Prairie's new Wonder Lab offers room for students to learn by doing
Creativity, communication, collaboration: three skills Prairie works to develop in every student.
Using the five senses, it’s fairly simple to hear two or more people strike up a conversation, and just as easy to watch a group of students physically collaborate on a worksheet or project. It’s that third word, creativity, that’s tougher to gauge — and harder still to know how exactly to inspire.
That’s where Prairie’s newest space comes in. The “Wonder Lab” makerspace and robotics workshop provides a spot on campus where students can go to unleash their thoughts and feelings, and use their hands to create.
The Wonder Lab was born out of what used to be the visitor’s locker room in the Fieldhouse, when that space hosted main athletic contests prior to the JAC. With help from a few local businesses owned and operated by alumni, the TPS Facilities team transformed rows of lockers, benches, and shower stalls into a full-fledged “creation station.”
The room consists of three “areas” that flow together: a more traditional lab-style classroom section, complete with black-top tables and whiteboards adorning the walls; a mini-robotics “arena,” a raised platform bed perfect for testing movable creations; and a workshop full of tools, nuts, bolts, and power equipment. The latter is meant to be dirty and noisy, and is thus sectioned off by glass garage doors that allow for separation of the working & learning spaces.
Right now, Tom Bresnehan spends most of his day teaching in the Wonder Lab. A group of students in Grades 7 and 8 join him every other day to learn about Structural Engineering and Construction, and his Upper School course, Robotics Design & Programming, is currently full, mostly with upperclassmen.
“The cool thing is, there is no ‘typical’ kid who takes these courses,” Bresnehan explains. “While the titles might sound like they’re geared toward kids with an interest in science, there are elements of design and coding in all of them, so it’s really a good opportunity for anyone to be creative and learn differently.”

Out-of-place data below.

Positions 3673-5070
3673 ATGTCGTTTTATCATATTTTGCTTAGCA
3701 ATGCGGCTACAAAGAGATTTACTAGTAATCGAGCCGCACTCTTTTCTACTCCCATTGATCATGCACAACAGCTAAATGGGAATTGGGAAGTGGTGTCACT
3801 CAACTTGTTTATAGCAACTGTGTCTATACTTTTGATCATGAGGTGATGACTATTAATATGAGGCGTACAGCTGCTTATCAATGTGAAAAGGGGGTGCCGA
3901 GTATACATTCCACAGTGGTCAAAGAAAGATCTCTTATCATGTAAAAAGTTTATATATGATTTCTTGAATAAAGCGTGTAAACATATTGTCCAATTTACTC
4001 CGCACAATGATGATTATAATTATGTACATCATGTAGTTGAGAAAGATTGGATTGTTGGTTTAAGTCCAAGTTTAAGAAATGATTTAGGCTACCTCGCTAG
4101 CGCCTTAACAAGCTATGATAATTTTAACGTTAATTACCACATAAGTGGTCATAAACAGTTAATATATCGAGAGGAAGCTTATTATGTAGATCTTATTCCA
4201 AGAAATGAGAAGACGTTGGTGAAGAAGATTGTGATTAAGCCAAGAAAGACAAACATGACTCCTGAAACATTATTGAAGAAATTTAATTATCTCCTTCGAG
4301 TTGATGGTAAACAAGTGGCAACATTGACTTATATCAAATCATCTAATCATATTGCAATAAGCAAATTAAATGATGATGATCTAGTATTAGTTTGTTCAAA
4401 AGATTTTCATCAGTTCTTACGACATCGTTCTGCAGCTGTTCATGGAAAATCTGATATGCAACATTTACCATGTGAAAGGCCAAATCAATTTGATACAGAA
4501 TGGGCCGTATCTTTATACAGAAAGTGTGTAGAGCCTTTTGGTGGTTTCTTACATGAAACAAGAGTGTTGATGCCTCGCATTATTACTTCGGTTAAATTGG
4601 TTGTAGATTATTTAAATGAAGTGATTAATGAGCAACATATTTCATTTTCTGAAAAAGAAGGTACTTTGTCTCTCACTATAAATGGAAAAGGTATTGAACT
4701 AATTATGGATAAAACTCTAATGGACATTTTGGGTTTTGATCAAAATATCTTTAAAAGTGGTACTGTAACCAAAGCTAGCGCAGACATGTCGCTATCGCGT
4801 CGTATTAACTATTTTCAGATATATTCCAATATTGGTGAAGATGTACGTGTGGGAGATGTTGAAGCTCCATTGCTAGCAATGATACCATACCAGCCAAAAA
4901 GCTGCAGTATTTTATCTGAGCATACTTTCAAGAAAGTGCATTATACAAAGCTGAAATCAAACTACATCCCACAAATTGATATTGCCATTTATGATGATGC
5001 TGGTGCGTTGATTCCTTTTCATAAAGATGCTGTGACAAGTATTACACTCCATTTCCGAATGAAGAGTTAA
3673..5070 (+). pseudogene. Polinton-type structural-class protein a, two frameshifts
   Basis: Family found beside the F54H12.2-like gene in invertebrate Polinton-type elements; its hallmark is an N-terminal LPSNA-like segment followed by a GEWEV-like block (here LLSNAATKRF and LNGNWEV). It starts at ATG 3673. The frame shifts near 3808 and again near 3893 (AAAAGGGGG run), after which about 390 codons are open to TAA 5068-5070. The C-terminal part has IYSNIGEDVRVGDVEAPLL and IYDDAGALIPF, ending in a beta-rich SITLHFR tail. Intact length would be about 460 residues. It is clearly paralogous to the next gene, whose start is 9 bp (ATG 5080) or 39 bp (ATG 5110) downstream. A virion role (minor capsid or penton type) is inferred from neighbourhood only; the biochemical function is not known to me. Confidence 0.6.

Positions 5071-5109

Junior Kyle Kane is one of those students. The avid theatre student hasn’t taken many engineering classes in the past, but his interest has grown with the time he’s taken to explore the Wonder Lab.
“My knowledge has grown because it’s fun for me to play with!” he laughs.
Kane speaks for many of his fellow students when he says he enjoys the unique space, and the freedom and opportunity it affords him to try new things. During a recent free period, he and a friend figured out a way to engrave designs onto phone cases — simply by exploring and fidgeting with lab tools.
“I can mess around and figure things out when I’m in there,” Kane says. “It’s me wondering, ‘Can I do this?’ It’s a great space for kids like me who have big imaginations.”
The technology housed within is without question the crowning jewel of the Lab: three 3-D printers, one computer numerical control, or CNC, machine for cutting designs into wood and other materials, and a Glowforge 3-D laser printer. Once trained, students can use all of these tools in numerous ways to create art projects or models for learning science, math, engineering, and robotics concepts.
“Everything has to be advantageous to learning — whatever works best for that teacher and our students,” explains Corey Brandt, Assistant Director of Facilities and part of the team that worked to revamp the space. “It’s fun because it’s different. And we still have a lot we want to do!”
In a perfect world, windows allow visitors a peek into the space from the hallway outside, and picnic tables sit outside the Lab’s entrance, encouraging kids to spend time there — even those who might not consider themselves “creators.”
“We want it to feel like a place kids feel welcome, where they want to come to create,” Brandt says. “There are so many ways to be creative — it’s not just robotics or lasers, although that stuff is amazing. It’s music and drawing and building. It’s anything you want it to be — that’s what’s so cool about it. A true ‘Makerspace’ allows kids the room to do whatever they feel like doing. That’s ultimately what we want that space to be.”
Did You Know: The WonderLab was paid for and will be maintained through the Prairie Fund! Money raised through this initiative bolsters Prairie’s budget, and provides crucial support for academics, arts, athletics, and co-curricular programming. Click here to learn more and make YOUR gift today: prairieschool.com/give/